I also liked Alisa Systems, it was very easy to configure and had a nice mail program. IT would be great for a Mac network that was adding a sun file server. But it sounds like you (like us) have lots of suns and a few Macs which makes Intercon a better choice. For more info on Alisa call Bob Morgan at 1-800-628-3274 ext 128.

I don't have the IPT info right here but if you want it let me know and I'll send it on.

Hope this helps. Mary Skipp

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You can run CAP 6.x, which allows Mac users to see the Sun as an AppleShare server over Ethertalk and to print to Sun printer queues as if they were EtherTalk networked printers. There are some mods which eliminate the requirement for a LocalTalk to Ethernet gateway if your Macs have EtherTalk cards installed. Asante cards work for us and are below $200 each.

We don't have CAP installed here, but two sites at the university do.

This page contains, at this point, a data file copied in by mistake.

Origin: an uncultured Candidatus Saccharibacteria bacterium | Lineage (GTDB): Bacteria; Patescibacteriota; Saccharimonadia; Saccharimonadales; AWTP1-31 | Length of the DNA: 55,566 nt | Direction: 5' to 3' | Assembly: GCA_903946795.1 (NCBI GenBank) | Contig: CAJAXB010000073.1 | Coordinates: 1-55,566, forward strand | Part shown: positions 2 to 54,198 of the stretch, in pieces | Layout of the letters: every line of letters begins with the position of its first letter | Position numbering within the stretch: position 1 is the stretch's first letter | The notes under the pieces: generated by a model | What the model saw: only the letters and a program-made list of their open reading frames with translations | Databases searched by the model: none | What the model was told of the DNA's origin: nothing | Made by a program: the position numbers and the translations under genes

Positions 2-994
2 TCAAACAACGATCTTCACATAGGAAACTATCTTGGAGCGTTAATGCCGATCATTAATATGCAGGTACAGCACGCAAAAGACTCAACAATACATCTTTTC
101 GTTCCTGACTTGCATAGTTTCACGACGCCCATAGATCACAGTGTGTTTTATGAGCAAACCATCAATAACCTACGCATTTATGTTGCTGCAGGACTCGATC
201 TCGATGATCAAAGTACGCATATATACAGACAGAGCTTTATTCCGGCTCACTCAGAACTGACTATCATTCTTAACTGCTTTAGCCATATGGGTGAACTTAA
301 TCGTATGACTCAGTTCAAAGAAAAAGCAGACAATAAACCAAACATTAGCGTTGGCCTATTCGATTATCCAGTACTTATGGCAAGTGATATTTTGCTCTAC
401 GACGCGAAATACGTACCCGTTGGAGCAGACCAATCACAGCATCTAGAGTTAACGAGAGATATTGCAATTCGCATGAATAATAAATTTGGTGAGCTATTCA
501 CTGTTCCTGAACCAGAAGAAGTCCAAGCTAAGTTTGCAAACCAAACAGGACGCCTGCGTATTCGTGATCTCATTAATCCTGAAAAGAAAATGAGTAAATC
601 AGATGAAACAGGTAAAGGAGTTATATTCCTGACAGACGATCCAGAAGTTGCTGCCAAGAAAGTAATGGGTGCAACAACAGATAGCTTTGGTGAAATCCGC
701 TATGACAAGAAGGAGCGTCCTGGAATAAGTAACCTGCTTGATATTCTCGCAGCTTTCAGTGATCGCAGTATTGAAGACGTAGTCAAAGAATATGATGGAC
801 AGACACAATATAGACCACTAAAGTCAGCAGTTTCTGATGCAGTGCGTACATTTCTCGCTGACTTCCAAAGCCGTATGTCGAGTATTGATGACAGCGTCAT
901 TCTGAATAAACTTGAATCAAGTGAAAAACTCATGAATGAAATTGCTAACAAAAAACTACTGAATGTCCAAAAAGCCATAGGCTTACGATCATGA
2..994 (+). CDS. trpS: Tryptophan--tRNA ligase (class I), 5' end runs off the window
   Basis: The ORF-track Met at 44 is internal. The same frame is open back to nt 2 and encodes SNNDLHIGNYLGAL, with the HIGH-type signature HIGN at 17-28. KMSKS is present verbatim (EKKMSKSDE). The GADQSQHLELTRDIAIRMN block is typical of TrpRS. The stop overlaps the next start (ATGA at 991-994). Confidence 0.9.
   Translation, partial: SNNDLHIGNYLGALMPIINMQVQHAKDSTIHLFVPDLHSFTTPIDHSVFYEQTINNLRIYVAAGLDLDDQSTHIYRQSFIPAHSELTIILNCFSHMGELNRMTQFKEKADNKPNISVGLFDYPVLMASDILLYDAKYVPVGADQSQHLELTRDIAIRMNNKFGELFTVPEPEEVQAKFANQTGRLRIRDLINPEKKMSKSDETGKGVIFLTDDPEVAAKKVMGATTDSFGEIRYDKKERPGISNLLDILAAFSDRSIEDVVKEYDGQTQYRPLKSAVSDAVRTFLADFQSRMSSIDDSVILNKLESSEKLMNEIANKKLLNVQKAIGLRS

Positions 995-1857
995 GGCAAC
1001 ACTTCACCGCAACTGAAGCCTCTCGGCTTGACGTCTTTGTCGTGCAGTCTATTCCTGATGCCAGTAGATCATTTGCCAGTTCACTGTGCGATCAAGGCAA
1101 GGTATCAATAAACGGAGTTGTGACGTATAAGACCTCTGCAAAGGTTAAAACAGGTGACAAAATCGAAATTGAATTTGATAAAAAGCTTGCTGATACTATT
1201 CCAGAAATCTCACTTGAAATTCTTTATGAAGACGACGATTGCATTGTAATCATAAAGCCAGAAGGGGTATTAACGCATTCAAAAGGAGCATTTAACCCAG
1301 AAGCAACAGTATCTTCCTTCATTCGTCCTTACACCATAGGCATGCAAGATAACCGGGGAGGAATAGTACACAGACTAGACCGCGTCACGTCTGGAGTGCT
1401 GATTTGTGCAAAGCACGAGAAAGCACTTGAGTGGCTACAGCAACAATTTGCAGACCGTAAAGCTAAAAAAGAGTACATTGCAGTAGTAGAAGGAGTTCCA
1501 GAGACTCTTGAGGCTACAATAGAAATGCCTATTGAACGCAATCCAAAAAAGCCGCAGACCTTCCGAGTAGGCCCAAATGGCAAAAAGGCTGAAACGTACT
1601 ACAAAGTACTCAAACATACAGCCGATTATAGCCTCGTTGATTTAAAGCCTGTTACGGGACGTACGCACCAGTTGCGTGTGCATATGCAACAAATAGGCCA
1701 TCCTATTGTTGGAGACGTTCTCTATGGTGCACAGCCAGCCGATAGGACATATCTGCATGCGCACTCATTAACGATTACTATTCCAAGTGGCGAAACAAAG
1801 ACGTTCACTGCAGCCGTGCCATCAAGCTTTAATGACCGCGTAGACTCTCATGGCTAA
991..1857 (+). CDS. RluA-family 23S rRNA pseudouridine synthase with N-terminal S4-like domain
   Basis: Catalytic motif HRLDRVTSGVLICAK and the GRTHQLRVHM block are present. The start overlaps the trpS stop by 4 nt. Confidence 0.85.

The ftp site is, as I remember.

-- Michael L. Squires [sir-alan!]

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I know you asked for no more but one simple cheap option seems to have been missed. You can connect just *one* Mac to Ethernet, keep the same machine LocalTalked as well and use a piece of software called Liaison to route between the two. Please note I have not done this myself but a colleague of mine has and thinks very highly of it. At the last count Liaison would not route TCP/IP; however, one network company in the UK told me that a new release including TCP/IP is due. So if you need connectivity rather than speed then this is the cheapest route. It does of course mean that the machine acting as the router has to be reliable and not being rebooted with monotonous regularity :-)

Jeremy Olsen

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/* Amir J. Katz | UUCP: uunet!ingr!matis!amir */ /* System Specialist | Internet: amir%matis.UUCP@ingr.COM */ /* SEE Technologies Ltd. | Voice: +972 52-584684, Fax: +972 52-543917 */